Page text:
A sneak peek at Mark Matlock's Real World Parents
You never know when I might play a wild card on you!
Mark Matlock has been working with youth pastors, students, and parents for two decades. He speaks to hundreds of thousands of students around the world each year, and presents biblical truths in ways that motivate people to change. Mark is the vice president of event content at Youth Specialties and the founder of WisdomWorks Ministries and PlanetWisdom. He’s the author of several books including The Wisdom On - series, Living a Life That Matters, Don’t Buy The Lie, Freshman, and Smart Faith. Mark lives in Texas with his wife Jade and their two children.
Visit the author's website.
List Price: $12.99
Paperback: 176 pages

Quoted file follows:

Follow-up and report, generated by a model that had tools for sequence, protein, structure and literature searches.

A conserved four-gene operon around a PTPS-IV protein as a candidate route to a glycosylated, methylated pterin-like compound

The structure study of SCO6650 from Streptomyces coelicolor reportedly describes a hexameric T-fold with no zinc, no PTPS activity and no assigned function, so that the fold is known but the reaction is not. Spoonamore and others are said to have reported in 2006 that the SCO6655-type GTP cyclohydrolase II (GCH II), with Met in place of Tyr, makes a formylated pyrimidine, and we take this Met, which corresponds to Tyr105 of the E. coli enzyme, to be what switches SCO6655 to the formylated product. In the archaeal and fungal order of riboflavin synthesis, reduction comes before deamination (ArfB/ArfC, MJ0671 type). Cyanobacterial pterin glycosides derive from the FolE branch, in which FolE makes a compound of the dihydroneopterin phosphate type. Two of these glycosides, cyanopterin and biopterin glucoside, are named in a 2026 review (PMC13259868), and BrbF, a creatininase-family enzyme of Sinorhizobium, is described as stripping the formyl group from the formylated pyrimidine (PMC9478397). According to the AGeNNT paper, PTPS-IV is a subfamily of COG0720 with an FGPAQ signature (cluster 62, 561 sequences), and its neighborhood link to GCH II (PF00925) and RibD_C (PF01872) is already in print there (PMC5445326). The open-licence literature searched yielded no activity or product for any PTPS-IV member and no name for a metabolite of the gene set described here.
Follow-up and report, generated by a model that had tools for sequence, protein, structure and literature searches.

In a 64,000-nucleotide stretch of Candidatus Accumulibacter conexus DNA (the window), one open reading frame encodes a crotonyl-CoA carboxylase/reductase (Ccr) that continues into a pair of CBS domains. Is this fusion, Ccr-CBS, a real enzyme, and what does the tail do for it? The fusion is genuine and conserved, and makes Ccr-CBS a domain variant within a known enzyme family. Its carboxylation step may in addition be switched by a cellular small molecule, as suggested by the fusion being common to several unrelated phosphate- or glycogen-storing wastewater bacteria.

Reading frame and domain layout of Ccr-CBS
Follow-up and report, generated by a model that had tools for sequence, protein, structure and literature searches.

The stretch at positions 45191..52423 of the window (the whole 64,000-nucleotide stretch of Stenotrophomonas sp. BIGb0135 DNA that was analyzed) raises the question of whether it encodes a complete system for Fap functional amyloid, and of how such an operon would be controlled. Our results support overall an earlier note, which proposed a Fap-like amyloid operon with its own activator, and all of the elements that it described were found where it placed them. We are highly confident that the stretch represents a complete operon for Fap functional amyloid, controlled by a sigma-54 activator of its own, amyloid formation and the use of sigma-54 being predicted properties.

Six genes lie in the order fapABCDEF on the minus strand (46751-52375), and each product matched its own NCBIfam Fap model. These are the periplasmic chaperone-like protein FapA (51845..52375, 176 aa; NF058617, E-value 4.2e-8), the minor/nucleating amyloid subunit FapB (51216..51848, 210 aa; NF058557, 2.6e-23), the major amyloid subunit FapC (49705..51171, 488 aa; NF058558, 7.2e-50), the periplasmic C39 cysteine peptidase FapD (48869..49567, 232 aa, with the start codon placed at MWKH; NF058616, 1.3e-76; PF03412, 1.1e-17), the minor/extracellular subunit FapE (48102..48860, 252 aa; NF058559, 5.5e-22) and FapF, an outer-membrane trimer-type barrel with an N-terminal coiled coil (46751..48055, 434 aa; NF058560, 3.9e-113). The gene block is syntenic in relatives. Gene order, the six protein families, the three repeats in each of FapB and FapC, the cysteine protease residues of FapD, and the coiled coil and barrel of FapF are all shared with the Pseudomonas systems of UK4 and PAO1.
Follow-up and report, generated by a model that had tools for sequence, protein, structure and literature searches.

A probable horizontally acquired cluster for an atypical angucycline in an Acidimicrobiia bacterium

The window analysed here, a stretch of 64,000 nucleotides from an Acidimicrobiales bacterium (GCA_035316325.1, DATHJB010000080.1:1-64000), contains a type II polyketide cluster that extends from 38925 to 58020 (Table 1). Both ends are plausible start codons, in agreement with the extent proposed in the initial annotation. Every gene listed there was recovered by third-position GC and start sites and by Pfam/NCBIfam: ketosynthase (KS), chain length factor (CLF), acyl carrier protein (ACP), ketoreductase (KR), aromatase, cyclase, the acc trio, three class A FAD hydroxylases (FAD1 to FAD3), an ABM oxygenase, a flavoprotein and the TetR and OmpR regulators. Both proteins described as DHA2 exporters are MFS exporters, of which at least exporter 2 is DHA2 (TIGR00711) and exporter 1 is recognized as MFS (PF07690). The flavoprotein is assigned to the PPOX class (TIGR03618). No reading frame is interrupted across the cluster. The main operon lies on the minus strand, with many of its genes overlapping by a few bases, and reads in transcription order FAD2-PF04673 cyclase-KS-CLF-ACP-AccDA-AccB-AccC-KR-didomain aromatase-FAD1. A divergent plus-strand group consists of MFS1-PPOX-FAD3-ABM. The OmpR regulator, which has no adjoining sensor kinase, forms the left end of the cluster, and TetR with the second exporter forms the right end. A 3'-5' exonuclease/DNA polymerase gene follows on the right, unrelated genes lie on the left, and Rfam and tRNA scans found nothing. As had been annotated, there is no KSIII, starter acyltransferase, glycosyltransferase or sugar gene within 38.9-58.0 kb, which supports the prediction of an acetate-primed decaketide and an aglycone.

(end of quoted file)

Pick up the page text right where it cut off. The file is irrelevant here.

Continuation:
Publisher: Zondervan/Youth Specialties (February 23, 2010)
AND NOW...THE FIRST CHAPTER:
I have a vivid memory of being a teenager and sitting at the dinner table with my family, rolling my eyes and pretending to gag behind my dad's back.
He was trying to do family devotions with us. But my three younger brothers and I just weren't buying it.
Every four or five months my dad would hear some program on Christian radio about family devotions, and he'd come home with another new idea for making it work with our family. After all, that's what Christian families are supposed to do, right? But it just never worked in our house. It felt completely forced and unnatural.
Still, somehow all four of us Matlock boys ended up in ministry. My youngest brother, Jonathan, helped me start WisdomWorks Ministries, and now we both do pretty much the same kind of youth ministry and youth minister support through Youth Specialties. Our brother Josh is a senior pastor in Southern California, and our brother Jeremy is a missionary in Russia. And still to this day, whenever Dad tries to bring us together for Òfamily devotionsÓ during the holidays, we mock him a little. It's become a kind of tradition because it isn't genuine for who we are as a family.